This bill has been introduced into both houses of Congress in a bipartisan effort to curb the reach of inter partes review (IPR) proceedings and the broad four-factor analysis for injunctive relief set forth by the Supreme Court in eBay v. MercExchange. I originally posted on this bill and referenced other commentators here on May 25, 2019.
Senator Tillis opened the discussion by asserting that the present high standard for obtaining injunctive relief can discourage “patent trolls”, and that IPR can be an efficient way for small businesses to protect themselves from trolls. However he was concerned about the provisions limiting the number of petitions for IPR that a defendant can file, and the need to choose between conventional infringement litigation and the PTAB’s post-grant procedures called for in the bill. The hearing had six witnesses who were pretty much split on whether or not such broad amendments to the AIA were necessary, but almost all of them testified that some reforms were needed.
Generally in favor of STRONGER, were Bradley Ditty representing InterDigital, a “5G Research Firm”, Earl “Eb” Bright, President of Exploramed, a firm that backs start-ups, and Prof. Adam Mossoff of the Anton Scalia Law School (who had earlier testified in the s. 101 Hearings). Mr. Ditty focused on the necessity of bringing PTAB standards of proof and claim interpretation in alignment with those employed by the courts (e.g., clear and convincing and the Phillips standard of claim construction).
Eb Bright argued that start-ups presently cannot obtain injunctions, and Prof. Mossoff agreed. He also asserted that the AIA presently promoted “efficient infringement”, in which an infringer would bear the cost of a damage award as a sort of pseudo-license fee, while working to design a competitive non-infringing product. Eb stated that he felt that the threat of injunction was needed to encourage design arounds. He also observed that he feels that there is an “extended start-up slump” in which more venture capital is going to late-stage companies.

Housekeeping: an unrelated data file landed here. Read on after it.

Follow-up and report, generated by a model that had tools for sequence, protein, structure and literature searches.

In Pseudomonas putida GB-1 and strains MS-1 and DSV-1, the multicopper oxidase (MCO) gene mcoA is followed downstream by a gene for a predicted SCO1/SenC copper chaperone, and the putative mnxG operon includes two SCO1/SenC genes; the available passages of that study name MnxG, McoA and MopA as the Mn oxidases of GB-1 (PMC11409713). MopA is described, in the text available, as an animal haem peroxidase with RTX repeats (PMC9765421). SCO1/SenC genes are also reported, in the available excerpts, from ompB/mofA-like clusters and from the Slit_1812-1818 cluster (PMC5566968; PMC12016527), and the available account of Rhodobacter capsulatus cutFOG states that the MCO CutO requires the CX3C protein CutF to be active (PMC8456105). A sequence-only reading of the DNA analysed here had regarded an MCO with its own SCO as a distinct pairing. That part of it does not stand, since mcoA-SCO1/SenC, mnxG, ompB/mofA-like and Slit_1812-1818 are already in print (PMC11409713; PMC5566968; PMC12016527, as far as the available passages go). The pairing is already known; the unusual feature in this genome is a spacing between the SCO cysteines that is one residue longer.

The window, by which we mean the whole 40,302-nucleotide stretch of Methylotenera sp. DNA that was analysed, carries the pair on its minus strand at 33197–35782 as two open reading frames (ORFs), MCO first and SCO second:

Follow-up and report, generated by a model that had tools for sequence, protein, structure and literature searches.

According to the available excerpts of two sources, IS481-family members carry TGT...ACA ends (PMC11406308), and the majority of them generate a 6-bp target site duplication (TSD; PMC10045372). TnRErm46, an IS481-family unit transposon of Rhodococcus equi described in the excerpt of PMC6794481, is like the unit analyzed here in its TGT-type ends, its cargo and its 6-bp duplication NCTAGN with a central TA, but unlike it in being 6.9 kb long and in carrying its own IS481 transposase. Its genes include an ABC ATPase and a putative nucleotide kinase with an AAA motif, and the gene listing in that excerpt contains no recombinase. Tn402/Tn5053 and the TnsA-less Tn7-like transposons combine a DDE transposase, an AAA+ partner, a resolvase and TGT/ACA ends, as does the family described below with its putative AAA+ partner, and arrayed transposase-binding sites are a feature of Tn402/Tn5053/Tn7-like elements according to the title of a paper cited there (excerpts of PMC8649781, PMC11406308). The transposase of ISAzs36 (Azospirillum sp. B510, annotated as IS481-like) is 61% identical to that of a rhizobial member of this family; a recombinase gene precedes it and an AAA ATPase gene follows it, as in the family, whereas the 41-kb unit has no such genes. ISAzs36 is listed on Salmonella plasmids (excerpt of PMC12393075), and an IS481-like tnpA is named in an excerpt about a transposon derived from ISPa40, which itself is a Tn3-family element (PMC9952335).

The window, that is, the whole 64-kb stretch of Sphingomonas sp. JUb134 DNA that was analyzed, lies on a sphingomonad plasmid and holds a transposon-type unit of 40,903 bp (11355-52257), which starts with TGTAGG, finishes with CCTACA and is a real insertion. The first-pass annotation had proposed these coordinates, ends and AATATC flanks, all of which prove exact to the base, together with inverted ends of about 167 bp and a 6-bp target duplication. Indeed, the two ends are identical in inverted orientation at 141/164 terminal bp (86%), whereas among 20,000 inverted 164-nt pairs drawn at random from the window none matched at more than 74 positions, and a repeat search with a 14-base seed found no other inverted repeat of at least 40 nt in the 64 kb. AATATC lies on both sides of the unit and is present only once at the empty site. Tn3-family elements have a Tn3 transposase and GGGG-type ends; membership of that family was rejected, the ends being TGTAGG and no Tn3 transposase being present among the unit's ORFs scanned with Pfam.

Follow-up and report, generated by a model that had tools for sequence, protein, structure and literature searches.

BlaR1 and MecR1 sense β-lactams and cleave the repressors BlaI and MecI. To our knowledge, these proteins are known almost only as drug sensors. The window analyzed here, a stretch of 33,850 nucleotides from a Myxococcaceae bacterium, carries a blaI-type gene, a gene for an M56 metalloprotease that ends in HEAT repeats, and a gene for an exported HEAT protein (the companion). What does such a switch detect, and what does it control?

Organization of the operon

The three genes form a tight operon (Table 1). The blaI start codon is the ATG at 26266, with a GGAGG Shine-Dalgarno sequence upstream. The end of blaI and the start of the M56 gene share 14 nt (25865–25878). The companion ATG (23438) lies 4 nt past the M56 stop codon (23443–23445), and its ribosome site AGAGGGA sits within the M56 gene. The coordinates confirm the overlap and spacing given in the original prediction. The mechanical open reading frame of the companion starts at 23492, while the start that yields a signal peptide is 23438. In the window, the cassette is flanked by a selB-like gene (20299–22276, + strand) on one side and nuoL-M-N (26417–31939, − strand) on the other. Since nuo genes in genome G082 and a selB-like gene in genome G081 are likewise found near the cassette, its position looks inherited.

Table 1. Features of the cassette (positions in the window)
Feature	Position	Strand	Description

On the other hand, Prof. Tom Cotter of the University of Minnesota, Dan Lang of Cisco and Josh Landau of CCIA were opposed to reversing eBay, reasoning that “injunction overkill” (Landau) can permit NPE plaintiffs holding just one patent to stop production and sales of a product comprising a large number of unrelated patents (Cotter). Prof. Cotter observed that courts currently grant injunctions about 70% of the time and that courts are applying eBay reasonably. Mr. Landau noted that about 40% of petitions for IPR fail to result in institution. Dan Lang argued that IPR’s were much less expensive than litigation and that the present ability to file multiple challenges to the same patent should not be limited. As Prof. Cotter put it, “One and done is wrong.”
Perhaps this debate can be summarized as the reformers vs. the establishment. In other words, companies that have relatively few patents want to be able to assert them; they want “strong patents”, while companies that hold big patent portfolios want to be able to defend against accusations of infringement without having to live in the district courts. I have written this post from the notes I took while watching the live-streamed hearing and apologize for misspellings and (unintentional) misrepresenting the testimony.